An Ecuadorian bank and Wells Fargo have reached an out-of-court settlement over a 2015 cyber heist, providing a possible precedent for the Bangladesh central bank’s planned suit to recover $66 million still lost in one of the world’s biggest such cases.
A suit by Ecuador’s Banco del Austro against Wells Fargo & Co was quietly settled in February, less than a month before a trial date was set, and the U.S. district court in Manhattan sealed all discussions, according to court documents. No other major media has reported the settlement.
Wells Fargo did not comment on the settlement, and a representative for Banco del Austro could not be immediately reached.
Banco had sought to hold Wells responsible for authorizing the fraudulent transfer of $12 million from its account in 2015.
Hackers breached Bangladesh Bank’s systems in early 2016 and tricked the Federal Reserve Bank of New York into sending as much as $81 million to accounts at Rizal Commercial Banking Corp (RCBC) in the Philippines. The accounts were held in fake names and most of the money disappeared into casinos in Manila.
Some of the funds were recovered but about $66 million remains untraced.
No one has been criminally charged for the heist despite an international investigation and two years of finger-pointing among Bangladesh, Philippines, the Fed and the SWIFT communication network that was used. Bangladesh Bank has threatened to sue Manila-based RCBC, and any legal fallout could set a precedent amid a rash of electronic heists at financial institutions around the world.
“This is a tricky issue. We can’t reveal our strategy. But yes we are reviewing each and every case, including the Ecuador one,” Bangladesh Bank’s deputy governor Abu Hena Mohd. Razee Hassan said in a recent interview.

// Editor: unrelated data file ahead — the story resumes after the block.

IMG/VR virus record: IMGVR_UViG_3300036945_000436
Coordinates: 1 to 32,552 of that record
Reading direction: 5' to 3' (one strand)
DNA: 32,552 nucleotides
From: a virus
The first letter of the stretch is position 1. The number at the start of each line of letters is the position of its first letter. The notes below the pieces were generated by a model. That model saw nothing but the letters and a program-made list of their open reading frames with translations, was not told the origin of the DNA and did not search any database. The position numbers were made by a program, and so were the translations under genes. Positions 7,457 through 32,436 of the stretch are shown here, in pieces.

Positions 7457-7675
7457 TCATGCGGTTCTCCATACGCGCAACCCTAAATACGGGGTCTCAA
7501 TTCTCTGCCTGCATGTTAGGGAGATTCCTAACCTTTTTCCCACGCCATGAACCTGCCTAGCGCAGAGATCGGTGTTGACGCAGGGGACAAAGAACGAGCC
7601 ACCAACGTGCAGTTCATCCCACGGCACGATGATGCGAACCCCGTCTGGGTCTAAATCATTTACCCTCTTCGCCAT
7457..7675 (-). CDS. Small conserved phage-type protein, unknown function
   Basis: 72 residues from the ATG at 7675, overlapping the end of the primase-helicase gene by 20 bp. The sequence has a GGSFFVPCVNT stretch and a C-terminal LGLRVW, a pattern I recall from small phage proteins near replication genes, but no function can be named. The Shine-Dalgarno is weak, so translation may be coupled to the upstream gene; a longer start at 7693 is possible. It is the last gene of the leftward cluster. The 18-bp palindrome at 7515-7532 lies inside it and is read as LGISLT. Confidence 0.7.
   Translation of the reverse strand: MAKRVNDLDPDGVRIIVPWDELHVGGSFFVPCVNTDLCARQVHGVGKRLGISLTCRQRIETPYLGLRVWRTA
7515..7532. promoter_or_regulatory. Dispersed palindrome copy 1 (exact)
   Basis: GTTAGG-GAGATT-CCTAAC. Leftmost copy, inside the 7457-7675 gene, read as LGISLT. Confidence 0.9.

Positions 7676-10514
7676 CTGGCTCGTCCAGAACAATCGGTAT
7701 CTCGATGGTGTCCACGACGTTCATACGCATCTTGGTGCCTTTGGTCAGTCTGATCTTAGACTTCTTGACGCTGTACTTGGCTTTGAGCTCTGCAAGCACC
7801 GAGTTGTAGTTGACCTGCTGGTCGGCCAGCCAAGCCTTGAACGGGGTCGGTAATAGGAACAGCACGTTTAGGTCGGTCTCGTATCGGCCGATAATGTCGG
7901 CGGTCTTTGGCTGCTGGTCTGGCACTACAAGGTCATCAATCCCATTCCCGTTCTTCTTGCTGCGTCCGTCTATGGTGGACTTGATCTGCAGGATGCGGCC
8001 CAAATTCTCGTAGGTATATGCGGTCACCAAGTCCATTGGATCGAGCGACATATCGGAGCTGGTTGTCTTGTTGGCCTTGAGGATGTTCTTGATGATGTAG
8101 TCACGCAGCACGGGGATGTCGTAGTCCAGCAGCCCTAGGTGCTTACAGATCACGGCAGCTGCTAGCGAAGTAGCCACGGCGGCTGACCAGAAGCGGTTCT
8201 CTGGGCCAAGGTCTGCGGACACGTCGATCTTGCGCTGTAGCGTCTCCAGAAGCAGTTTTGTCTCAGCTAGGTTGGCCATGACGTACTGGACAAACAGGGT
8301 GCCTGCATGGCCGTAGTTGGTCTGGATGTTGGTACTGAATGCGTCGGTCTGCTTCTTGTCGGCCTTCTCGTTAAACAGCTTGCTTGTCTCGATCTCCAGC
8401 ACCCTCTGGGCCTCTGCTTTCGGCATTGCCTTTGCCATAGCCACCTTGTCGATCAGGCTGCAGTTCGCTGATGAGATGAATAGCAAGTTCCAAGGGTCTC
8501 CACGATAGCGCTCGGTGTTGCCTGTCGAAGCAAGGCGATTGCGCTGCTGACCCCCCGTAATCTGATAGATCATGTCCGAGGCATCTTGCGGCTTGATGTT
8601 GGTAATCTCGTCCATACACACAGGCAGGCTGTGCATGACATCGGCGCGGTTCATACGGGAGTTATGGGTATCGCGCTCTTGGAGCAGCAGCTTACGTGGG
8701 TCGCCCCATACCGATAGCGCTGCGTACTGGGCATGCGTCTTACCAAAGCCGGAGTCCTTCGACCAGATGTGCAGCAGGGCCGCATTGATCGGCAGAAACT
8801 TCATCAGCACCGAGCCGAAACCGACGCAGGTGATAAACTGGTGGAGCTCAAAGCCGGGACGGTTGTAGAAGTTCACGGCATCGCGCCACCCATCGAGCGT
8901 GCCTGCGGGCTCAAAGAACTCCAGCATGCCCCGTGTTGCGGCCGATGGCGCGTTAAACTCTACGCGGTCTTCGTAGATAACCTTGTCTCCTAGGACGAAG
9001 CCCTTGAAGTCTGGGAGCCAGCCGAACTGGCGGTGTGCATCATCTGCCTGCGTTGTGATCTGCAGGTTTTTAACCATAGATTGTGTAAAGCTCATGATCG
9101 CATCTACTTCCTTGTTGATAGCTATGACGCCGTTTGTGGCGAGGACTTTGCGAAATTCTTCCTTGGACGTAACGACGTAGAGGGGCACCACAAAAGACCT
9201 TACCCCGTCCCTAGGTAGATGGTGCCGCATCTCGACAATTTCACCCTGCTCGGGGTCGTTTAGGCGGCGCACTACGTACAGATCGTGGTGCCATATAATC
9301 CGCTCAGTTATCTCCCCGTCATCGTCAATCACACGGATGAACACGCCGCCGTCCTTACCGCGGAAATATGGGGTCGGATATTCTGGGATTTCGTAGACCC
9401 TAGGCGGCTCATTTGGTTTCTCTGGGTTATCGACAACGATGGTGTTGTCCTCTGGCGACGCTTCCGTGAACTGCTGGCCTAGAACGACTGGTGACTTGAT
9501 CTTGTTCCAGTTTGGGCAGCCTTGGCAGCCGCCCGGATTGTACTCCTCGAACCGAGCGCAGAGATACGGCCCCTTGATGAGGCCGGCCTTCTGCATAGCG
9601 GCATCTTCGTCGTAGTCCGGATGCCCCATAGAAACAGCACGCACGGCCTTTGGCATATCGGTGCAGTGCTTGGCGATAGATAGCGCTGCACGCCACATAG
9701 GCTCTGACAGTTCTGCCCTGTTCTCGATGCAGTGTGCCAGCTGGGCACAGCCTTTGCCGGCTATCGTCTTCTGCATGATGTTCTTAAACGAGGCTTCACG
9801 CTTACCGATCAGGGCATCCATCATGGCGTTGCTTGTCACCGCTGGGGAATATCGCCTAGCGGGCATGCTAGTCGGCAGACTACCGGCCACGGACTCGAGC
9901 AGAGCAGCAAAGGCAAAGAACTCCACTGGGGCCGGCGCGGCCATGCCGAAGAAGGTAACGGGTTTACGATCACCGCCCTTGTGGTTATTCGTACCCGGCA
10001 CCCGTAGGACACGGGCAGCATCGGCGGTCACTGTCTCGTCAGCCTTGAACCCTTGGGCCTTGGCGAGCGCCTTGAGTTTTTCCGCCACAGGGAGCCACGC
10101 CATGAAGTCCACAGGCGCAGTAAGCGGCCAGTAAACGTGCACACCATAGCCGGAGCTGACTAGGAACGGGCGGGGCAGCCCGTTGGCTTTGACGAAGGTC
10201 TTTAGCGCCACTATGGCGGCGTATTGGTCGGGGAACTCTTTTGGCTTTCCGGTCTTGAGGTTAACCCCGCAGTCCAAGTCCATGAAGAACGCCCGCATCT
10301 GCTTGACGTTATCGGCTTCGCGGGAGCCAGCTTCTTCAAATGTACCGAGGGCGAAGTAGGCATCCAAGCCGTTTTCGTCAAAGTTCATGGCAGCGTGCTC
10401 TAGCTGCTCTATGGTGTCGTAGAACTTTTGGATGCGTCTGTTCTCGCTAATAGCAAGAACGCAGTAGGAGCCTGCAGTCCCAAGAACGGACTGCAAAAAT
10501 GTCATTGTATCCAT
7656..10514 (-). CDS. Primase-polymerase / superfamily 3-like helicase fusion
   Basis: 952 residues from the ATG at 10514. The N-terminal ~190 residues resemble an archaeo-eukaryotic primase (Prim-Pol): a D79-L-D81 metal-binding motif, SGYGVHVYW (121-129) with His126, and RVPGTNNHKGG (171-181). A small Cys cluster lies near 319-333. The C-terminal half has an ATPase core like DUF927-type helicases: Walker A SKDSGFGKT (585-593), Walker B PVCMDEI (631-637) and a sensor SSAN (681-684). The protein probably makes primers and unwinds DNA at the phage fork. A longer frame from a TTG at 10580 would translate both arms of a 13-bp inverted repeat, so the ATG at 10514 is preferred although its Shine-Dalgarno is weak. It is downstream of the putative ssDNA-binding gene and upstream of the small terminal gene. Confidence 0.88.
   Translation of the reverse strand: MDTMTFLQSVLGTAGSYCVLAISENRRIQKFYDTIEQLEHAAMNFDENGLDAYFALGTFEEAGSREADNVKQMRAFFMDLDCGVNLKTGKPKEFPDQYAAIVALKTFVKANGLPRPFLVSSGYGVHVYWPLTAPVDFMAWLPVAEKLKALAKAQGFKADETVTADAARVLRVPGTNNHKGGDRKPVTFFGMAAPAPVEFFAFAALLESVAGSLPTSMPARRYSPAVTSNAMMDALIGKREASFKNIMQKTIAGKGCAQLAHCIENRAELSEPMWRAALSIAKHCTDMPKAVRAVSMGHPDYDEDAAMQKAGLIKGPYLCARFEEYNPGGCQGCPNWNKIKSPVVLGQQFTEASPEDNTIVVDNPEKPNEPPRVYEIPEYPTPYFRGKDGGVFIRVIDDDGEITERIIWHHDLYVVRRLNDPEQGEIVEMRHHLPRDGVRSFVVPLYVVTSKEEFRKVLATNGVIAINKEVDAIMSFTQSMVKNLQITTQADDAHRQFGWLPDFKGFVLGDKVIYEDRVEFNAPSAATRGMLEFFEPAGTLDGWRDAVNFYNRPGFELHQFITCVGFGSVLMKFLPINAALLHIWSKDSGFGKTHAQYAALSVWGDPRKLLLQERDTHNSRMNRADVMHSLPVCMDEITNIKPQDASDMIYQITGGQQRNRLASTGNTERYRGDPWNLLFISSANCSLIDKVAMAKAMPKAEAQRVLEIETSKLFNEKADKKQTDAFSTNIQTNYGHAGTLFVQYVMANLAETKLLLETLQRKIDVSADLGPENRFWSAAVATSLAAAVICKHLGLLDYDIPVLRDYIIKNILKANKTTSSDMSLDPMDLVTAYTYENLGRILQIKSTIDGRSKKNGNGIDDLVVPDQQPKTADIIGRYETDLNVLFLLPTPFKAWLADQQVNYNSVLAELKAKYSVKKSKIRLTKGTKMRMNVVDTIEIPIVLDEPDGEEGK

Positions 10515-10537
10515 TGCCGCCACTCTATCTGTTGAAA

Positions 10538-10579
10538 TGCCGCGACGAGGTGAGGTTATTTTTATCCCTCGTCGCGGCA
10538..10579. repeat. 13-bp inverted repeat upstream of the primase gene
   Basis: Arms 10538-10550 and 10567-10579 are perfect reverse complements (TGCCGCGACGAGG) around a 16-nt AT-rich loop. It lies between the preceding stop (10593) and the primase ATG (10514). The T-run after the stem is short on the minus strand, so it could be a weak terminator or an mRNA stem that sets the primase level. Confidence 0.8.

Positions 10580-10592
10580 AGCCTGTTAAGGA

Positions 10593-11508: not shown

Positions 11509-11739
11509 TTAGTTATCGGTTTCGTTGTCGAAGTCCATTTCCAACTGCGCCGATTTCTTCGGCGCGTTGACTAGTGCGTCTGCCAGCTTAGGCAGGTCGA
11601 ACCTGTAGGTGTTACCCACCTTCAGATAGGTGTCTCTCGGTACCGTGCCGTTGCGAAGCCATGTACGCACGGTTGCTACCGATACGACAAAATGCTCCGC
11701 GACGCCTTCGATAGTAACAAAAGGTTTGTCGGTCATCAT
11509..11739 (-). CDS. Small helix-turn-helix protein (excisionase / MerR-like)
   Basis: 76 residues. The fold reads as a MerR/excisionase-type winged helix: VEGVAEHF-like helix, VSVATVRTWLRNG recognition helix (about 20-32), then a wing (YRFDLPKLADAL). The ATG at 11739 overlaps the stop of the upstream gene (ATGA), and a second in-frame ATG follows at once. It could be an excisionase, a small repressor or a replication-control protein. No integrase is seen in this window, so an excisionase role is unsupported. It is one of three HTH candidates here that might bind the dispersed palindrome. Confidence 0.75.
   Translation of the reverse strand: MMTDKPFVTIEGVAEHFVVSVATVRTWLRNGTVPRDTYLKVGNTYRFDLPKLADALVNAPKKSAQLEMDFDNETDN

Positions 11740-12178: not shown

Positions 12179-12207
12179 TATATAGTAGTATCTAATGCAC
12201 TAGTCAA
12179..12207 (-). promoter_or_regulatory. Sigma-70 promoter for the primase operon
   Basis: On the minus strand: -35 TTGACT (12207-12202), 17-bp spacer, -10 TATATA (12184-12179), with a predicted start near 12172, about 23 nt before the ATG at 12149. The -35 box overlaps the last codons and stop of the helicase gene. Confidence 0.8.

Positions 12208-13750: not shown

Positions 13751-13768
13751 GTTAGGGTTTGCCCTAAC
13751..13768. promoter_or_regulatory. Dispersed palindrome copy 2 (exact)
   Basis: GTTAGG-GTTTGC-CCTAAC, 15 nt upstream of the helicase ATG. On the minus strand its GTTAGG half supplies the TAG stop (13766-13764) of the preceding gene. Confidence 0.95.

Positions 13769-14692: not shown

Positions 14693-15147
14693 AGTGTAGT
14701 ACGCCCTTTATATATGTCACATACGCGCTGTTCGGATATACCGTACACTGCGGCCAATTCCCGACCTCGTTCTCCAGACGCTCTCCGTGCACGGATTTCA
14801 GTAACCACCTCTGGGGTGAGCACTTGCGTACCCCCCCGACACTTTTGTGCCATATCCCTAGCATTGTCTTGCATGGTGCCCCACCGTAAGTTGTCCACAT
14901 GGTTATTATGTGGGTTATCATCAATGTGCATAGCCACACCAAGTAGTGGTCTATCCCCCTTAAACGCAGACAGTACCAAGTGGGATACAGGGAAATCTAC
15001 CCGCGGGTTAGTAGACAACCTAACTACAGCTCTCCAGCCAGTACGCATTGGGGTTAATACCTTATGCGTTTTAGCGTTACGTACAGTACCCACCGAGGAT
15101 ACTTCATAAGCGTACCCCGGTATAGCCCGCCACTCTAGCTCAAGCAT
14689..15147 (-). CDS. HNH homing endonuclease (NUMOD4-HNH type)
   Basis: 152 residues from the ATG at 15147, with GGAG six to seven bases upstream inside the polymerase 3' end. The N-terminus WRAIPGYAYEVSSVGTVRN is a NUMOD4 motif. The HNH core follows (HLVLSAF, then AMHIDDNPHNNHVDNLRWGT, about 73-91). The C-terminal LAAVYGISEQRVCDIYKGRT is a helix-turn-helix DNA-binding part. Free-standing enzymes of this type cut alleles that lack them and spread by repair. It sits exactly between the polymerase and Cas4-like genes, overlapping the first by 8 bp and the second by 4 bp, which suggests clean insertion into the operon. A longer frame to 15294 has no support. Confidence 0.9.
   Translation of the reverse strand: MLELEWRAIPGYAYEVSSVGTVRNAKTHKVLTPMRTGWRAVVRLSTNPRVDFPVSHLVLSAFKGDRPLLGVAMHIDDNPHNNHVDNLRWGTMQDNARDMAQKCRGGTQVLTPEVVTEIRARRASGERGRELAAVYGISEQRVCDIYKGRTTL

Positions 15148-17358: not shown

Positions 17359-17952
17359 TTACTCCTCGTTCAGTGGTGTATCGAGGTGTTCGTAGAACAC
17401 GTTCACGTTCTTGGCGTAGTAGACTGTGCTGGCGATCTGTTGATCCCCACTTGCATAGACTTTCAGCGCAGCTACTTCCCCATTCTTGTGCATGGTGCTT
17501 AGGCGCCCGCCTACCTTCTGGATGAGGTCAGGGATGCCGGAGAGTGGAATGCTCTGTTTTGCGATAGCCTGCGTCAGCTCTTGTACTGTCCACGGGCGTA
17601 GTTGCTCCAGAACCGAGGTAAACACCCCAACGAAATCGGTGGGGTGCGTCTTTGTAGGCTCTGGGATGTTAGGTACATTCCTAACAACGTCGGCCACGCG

While Bangladesh has not taken any legal action, bankers and lawyers saw the cyber-heist suit by Banco against Wells Fargo as a test for any options available to Bangladesh.
They said the settlement could signal that Wells compensated Banco in some way, a possibly encouraging sign for Bangladesh Bank, But it could still struggle to get a hearing in the United States and prove that Manila-based RCBC had a contractual obligation to freeze the stolen funds.
“There are an awful lot of reasons for people to settle (and) there are all sorts of laws that may or may not apply,” said Peter Jaffe, a senior associate at Washington-based law firm Freshfields Bruckhaus Deringer LLP.
“RCBC was not the one that was hacked. Someone may think that RCBC should have done something different when it saw money coming through its accounts, but that is not really a cyber security issue at that point,” Jaffe said. “I don’t think you would necessarily look to cyber security law (or U.S. commercial code) to determine … obligations and rights.”